So let’s talk about rights now. I listened to a podcast the other day about curb cuts and one of the things advocates said while fighting for them is that wheelchair bound or otherwise impaired individuals have the right to get around freely and safely so they need curb cuts. In the sex worker’s rights movement I hear people say that we have the right to work unimpeded and safely. Even our country’s founding documents cite inalienable, god given human rights. Unfortunately, no one has a right that he hasn’t been given by others. I have the right to make free use of my apartment because the owner *chooses to honor that right* not because he is forced by god. The owner of my building has rights to it’s use as long as others *choose to honor it*. It could be taken by imminent domain, by force, or by the big earthquake and the owner has no recourse unless others *choose to allow it*. You see where I’m going?

With food and sleep and safety, you can theoretically rely entirely on yourself if you live in a place with no other people around. As soon as you search for love and belonging, however, you must behave in a way that encourages other people to *choose to honor* your right to physiological needs being met, your safety being secure, and your belonging. In turn, you must choose to honor their rights to safety and health and here is where the ‘right to sex’ argument breaks down. Your corn nuts don’t give a shit whether you’re an asshole or not, but your lover absolutely will. If you want your needs to be met, you must in turn meet the needs of others. Sometimes what you offer is safety from a bad home life, sometimes it’s love and belonging in return, often it’s a cure for loneliness and still more often it is financial stability (yes, even in marriages). You can kill and eat a creature without its consent or grow and harvest a garden without asking permission from the plants, but if you want to live with someone and make love to someone, you either force them, which I think we can all agree doesn’t work out well, or you work with them to reach an agreement.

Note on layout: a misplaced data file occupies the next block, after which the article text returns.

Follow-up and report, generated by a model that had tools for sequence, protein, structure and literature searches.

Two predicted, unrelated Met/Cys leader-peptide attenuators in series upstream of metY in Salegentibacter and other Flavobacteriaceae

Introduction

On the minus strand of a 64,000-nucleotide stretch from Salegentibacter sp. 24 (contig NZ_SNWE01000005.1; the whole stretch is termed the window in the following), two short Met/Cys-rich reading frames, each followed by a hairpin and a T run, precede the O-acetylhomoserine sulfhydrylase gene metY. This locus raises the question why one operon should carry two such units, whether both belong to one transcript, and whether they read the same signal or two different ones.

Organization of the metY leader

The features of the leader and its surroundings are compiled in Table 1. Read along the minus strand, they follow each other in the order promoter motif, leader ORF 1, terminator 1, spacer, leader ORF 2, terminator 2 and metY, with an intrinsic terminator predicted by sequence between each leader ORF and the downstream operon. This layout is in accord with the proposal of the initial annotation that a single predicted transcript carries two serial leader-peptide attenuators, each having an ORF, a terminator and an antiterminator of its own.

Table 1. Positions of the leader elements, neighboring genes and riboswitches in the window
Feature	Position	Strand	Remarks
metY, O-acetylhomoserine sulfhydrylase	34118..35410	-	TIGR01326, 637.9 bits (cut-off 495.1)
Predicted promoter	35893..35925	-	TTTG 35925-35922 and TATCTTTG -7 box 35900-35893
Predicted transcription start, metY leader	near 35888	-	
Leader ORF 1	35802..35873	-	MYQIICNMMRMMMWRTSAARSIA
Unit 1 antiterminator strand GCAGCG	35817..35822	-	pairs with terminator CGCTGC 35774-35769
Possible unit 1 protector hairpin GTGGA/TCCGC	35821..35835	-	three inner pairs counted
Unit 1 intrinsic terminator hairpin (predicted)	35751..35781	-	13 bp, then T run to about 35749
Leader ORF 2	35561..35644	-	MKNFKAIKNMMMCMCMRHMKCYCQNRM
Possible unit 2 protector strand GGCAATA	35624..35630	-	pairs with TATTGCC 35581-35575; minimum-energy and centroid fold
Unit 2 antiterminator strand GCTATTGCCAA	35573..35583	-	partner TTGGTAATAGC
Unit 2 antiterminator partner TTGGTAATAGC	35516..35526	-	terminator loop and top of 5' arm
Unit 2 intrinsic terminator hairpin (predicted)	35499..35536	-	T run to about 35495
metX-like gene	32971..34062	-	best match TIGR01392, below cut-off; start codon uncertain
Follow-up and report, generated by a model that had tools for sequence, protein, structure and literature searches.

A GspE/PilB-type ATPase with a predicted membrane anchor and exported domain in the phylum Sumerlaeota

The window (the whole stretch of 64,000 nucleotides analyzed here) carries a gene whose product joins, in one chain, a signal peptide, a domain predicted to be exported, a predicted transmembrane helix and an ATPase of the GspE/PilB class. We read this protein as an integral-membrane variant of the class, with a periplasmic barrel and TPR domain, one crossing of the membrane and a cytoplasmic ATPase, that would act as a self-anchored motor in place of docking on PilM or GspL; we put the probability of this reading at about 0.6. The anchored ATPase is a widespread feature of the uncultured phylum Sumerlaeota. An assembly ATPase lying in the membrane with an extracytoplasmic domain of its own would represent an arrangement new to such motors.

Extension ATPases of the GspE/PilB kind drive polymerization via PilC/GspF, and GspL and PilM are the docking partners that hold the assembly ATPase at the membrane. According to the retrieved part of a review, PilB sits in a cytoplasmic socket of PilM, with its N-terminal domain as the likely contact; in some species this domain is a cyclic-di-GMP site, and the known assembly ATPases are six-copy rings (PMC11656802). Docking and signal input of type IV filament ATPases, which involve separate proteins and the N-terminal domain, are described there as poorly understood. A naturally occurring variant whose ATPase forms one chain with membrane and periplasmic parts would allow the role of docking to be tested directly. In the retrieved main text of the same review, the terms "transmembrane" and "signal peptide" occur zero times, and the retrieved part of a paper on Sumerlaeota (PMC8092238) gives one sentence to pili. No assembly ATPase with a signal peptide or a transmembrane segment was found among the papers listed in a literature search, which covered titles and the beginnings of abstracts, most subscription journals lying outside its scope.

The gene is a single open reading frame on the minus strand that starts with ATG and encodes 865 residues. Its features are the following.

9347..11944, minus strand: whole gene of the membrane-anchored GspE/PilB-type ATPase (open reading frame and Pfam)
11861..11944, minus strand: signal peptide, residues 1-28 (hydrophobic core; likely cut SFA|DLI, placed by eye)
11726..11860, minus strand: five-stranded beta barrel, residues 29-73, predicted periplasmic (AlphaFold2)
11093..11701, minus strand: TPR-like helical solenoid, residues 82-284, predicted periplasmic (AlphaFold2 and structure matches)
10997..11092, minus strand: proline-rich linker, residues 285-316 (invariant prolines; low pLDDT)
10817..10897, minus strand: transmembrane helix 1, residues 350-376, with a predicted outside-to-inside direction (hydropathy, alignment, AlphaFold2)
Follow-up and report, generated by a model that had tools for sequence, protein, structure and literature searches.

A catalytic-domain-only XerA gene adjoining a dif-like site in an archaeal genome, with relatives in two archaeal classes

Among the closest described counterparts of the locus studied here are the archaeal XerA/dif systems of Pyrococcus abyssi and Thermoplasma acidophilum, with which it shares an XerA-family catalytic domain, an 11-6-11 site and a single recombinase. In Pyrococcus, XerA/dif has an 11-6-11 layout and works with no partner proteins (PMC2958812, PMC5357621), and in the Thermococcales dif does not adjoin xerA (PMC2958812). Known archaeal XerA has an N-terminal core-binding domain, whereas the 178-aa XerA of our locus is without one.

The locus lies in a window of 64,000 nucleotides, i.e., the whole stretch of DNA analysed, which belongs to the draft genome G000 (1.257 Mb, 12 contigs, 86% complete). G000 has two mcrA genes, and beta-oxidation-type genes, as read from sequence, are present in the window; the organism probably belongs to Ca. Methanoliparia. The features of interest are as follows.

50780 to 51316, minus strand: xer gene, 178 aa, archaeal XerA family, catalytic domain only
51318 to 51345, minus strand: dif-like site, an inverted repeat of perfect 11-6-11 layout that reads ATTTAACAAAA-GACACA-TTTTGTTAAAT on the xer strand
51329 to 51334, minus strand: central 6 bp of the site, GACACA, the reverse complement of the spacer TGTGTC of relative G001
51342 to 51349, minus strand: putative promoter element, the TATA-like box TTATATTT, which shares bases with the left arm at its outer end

This ties in with the argument that payment negates consent; that it’s a type of forcing. That because I say ‘no’ to sex but then change my mind when offered compensation, I haven’t really changed my mind, I have been coerced into sex which falls under the umbrella of human trafficking.